Advanced Computing in the Age of AI | Tuesday, August 16, 2022

Verizon Gains Federal Cloud Approval 

Verizon said this week its Enterprise Solutions unit has joined a growing list of vendors gaining the authority to provide cloud services to federal agencies.

Verizon joins Amazon Web Services and others in gaining operational authority under the Federal Risk and Authorization Management Program, or FedRAMP. The certification permits Verizon Enterprise Solutions to initially provide cloud services for the U.S. Department of Health and Human Services (HHS).

Verizon said the FedRAMP certification would pave the way for other federal agencies to shift mission critical workloads to the cloud.

The giant carrier's Enterprise Cloud: Federal Edition was approved under FedRAMP guidelines as an infrastructure-as-a-service cloud offering. FedRAMP cloud and security standards are set by the Commerce Department's National Institute of Standards and Technology.

The Verizon cloud platform will initially be made available to HHS and later to other federal agencies in either multitenant or dedicated configurations. The federal certification means the Verizon cloud service meets security, reliability, and flexibility requirements for mission critical federal workloads.

Cloud services for HHS and other federal agencies will be delivered from federal datacenters in Culpeper, Virginia, about 90 minutes south of Washington, and another secure facility in Miami. The "hardened" datacenters include redundant power, security, and air handling.

HHS, Verizon's first cloud customer, encountered major snafus last year in launching a web site related to the Affordable Care Act. The site has also experience security breaches, including a hack earlier this past summer when a server used to test code was mistakenly connected to the Internet.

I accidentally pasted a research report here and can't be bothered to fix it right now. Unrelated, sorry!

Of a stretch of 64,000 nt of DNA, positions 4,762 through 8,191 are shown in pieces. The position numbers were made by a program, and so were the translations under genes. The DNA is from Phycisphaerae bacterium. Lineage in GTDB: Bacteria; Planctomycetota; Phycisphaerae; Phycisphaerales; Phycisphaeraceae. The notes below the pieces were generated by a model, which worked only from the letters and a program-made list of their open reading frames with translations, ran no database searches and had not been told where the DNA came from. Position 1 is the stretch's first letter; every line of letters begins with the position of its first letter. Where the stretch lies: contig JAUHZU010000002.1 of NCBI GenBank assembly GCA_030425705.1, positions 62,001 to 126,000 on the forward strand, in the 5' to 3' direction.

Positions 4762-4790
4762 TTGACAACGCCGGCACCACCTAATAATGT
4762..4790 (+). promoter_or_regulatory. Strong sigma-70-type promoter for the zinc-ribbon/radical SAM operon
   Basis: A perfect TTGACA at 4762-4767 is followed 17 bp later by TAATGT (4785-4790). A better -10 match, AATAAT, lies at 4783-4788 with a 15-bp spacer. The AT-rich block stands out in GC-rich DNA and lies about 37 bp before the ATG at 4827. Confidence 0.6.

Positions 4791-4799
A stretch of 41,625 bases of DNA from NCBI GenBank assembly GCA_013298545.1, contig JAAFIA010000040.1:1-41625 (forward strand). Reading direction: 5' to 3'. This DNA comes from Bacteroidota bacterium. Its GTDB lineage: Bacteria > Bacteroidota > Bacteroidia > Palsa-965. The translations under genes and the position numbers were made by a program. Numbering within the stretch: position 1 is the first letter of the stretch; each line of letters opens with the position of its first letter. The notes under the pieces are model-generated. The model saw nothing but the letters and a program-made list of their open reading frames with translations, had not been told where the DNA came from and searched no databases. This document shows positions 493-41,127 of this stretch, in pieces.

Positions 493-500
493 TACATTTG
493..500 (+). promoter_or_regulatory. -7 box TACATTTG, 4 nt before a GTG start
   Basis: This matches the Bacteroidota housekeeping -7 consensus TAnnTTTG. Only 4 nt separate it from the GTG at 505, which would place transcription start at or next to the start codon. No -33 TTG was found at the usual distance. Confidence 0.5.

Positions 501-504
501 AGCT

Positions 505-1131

A recent cloud market study released by Verizon found that government agencies are among the estimated 65 percent of enterprises rolling cloud services into their IT infrastructure. Verizon also reported that 71 percent of its cloud customers were running mission-critical workloads on the cloud, up from 60 percent in 2013.

Larger cloud providers are among the first to receive the FedRAMP seal of approval. Amazon Web Services, which is providing cloud services to the CIA and other intelligence agencies, gained Defense Department cloud certification in April. AWS is essentially providing the CIA with its own bulletproof implementation of the AWS public cloud in a private form.

Database software giant Oracle announced it had gained provisional authority in May under FedRAMP following a review by the Defense Department, Department of Homeland Security, and the General Services Administration. GSA acts as the government's landlord.

Other large cloud vendors are also shifting their focus to the public sector as federal agencies move to deploy cloud-based computing and storage networks. In May, Hewlett Packard Enterprise Service's unit rolled out a managed private cloud for the public sector  as part of its HP Helion cloud infrastructure portfolio.

Other federal cloud providers under the FedRAMP program include Akamai, AT&T, CGI Federal, Lockheed Martin, and Microsoft.

About the author: George Leopold

George Leopold has written about science and technology for more than 30 years, focusing on electronics and aerospace technology. He previously served as executive editor of Electronic Engineering Times. Leopold is the author of "Calculated Risk: The Supersonic Life and Times of Gus Grissom" (Purdue University Press, 2016).

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